Horace Campbell, professor of political science and African American Studies in the Maxwell School, was quoted by The LA Times for the article “Who killed Haiti’s president? Plot thickens as Moise’s guards come under scrutiny” as well as in France…
McCullough to present 2003 Milton Freshman Lecture at Syracuse University
McCullough to present 2003 Milton Freshman Lecture at Syracuse UniversityOctober 17, 2003Edward Byrnesedbyrnes@syr.edu
Pulitzer Prize-winning author and esteemed historian David McCullough will present this year’s College of Arts and Sciences Milton Freshman Lecture, “Great Beginnings,” Oct. 20 at 7:30 p.m. in the Schine Student Center’s Goldstein Auditorium. The 2003 Laura Hanhausen Milton Freshman Lecture is open to the entire entering class Syracuse University’s College of Arts and Sciences and is part of the College’s Freshman Forum program.
McCullough, whose biography “John Adams” (Simon and Schuster, 2001) was number one on the New York Times Best Sellers List and earned him his second Pulitzer Prize, has been called the “master of the art of narrative history.” His books are critically acclaimed for their narrative sweep, scholarship, literary distinction and insight into American life. A gifted speaker, McCullough has lectured across the United States and abroad. He has been a guest at the White House as part of the White House Presidential Lecture Series and is one of the few private citizens to speak before a joint session of Congress.
McCullough has been an editor, essayist, teacher, lecturer and familiar presence on public television as host of “Smithsonian World” and “The American Experience,” and as narrator of numerous documentaries, including “The Civil War,” and “Napoleon” and most recently of the film “Sea Biscuit.”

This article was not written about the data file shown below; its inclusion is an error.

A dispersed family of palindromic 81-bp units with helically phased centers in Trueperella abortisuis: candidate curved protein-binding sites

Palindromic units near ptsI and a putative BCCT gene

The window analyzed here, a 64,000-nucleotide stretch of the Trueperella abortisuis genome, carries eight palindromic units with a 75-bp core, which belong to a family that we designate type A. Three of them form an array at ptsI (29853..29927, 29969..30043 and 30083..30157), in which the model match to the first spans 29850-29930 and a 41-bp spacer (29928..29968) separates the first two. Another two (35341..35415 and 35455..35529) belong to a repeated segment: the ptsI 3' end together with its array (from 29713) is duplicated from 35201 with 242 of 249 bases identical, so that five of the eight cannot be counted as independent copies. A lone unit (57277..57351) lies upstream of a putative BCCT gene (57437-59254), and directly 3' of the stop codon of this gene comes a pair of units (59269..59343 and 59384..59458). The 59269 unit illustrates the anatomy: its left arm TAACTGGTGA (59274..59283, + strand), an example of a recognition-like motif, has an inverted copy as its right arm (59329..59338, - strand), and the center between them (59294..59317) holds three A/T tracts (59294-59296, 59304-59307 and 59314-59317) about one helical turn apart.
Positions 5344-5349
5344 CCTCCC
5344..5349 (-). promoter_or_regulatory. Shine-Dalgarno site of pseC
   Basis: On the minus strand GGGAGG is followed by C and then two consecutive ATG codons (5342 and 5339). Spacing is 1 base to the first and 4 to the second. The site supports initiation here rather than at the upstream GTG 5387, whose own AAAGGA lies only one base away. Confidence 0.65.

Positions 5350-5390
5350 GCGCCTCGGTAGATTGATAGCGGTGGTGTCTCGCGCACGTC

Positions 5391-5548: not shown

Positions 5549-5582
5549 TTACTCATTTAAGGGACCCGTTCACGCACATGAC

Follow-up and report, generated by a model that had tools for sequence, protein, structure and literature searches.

McCullough has twice won both the National Book Award and the prestigious Francis Parkman Prize, and he received his first Pulitzer Prize for “Truman” (Simon and Schuster, 1992).
He is the recipient of the National Book Foundation Distinguished Contribution to American Letters Award, the National Humanities Medal, the St. Louis Literary Award, the Carl Sandberg Award and the New York Public Library’s Literary Lion Award.
In addition to “John Adams” and “Truman,” McCullough’s books include “The Johnstown Flood” (Smith Peter, 1968) “The Great Bridge” (Simon and Schuster, 1972) and “Mornings on Horseback” (Simon and Schuster, 1981).
Officially chartered in 1870 as a private, coeducational institution of higher education, Syracuse University is a leading student-centered research university. Syracuse’s 11 schools and colleges share a common mission: to promote learning through teaching, research, scholarship, creative accomplishment and service while embracing the core values of quality, caring, diversity, innovation and service. The 680-acre campus is home to more than 18,000 full- and part-time undergraduate and graduate students from all 50 states and 90 countries.